Publicist Peggy Siegel’s Aug. 15 screening of My One and Only, a film about extremely tanned actor George Hamilton’s childhood, starring Renée Zelleweger, was hosted at a beautiful private home in Bridgehampton. Outside, guests were ushered down a stairwell and to a large screening room with a concession stand, which many seemed to find more impressive than the screening room itself.
The film is a sweet road story in which a mother bounces around from state to state with her two sons in search of a husband. Ms. Zellweger is no stranger to road trips. As she put it, she’s gone “across the bottom, around the top. New York to Florida. I’m from Texas, so it’s my favorite thing.”
It was obvious that in the film, the road simply represents searching. Surveying the theater, the Transom wondered what these people were looking for in their lives.
During a party afterward at the East Hampton Mexican restaurant the Blue Parrot, the Transom approached Bob Colacello and asked him.
“I’m searching for a way to finish my next Vanity Fair story and still go to a lot of parties at the beach,” he said.
Across the room, The View’s Joy Behar negotiated table space for two friends. “I’m searching for good guests for my new show—it’s called The Joy Behar Show,” she said. “I want great people to come on the show and give me radical opinions.”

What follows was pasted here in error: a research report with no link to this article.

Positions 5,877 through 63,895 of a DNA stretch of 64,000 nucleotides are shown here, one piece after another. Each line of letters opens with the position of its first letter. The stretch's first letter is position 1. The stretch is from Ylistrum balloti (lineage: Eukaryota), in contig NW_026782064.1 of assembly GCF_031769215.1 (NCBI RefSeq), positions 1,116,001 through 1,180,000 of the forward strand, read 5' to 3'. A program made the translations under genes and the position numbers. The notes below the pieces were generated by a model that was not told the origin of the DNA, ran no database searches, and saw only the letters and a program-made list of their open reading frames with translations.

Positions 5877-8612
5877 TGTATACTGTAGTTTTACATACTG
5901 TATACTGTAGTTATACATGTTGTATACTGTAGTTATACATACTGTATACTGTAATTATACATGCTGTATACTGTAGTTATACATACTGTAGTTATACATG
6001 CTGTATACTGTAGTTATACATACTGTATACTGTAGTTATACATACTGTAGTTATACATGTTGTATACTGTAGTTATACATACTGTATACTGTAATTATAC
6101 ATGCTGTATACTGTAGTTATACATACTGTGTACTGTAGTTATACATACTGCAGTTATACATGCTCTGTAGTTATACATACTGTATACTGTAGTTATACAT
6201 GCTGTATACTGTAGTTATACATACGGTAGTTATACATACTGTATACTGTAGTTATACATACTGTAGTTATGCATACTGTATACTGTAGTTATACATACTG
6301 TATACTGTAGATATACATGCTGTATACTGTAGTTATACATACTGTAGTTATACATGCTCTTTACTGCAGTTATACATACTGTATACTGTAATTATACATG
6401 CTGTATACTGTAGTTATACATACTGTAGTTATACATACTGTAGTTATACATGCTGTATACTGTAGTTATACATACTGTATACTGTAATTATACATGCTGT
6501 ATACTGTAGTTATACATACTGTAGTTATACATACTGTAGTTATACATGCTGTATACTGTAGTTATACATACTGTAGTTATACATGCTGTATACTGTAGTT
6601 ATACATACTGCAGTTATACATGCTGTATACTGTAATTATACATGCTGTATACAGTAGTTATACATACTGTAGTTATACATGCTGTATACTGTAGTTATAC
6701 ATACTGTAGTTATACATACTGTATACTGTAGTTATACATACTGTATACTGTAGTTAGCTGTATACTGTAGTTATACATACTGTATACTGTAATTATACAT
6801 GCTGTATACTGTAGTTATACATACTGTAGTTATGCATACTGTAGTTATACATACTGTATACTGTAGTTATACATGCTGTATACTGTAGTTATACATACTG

Outside, designer Marc Jacobs was sitting alone, his entourage having just walked inside. He thought about the question for a moment, then looked up, smiling, and said, “Love.”
Party photographer Patrick McMullan was standing next to the porch, having a cigarette. What was he searching for? “I’m looking for a month off. Like, a full month off,” he said. “To be able to have a week is like a vacation, but to be able to have a month, you can really get into things, and, you know, laziness is not always bad.”
He paused for a moment and then added one stipulation. “A month off with no repercussions. With no fires that have to be put out.”
Jon Bon Jovi, a co-owner of the Blue Parrot, approached the front door all smiles. When the Transom asked what he was searching for, he seemed taken aback. But just for a moment. Then he leaned into his swagger and simply said, “A margarita.”
As Mr. Hamilton was leaving the party, the same question was posed to him.
“At this point, it’s time to maintain grace in your life. As you get older, life has a way of debasing you,” he said. “There’s an old expression, ‘When you finally get your head together, your ass is falling apart.’ I want to have a style of life and grace in my life as I get older.”
As he spoke, Radioman, a bearded homeless man so-called for a radio he keeps around his neck, famous for crashing movie parties and film sets, butted in and introduced himself.
“You look great, George,” he said to Mr. Hamilton, who looked uncomfortable, but smiled politely and thanked him.
“That’s what I’m looking for,” the star said. “Dignity.”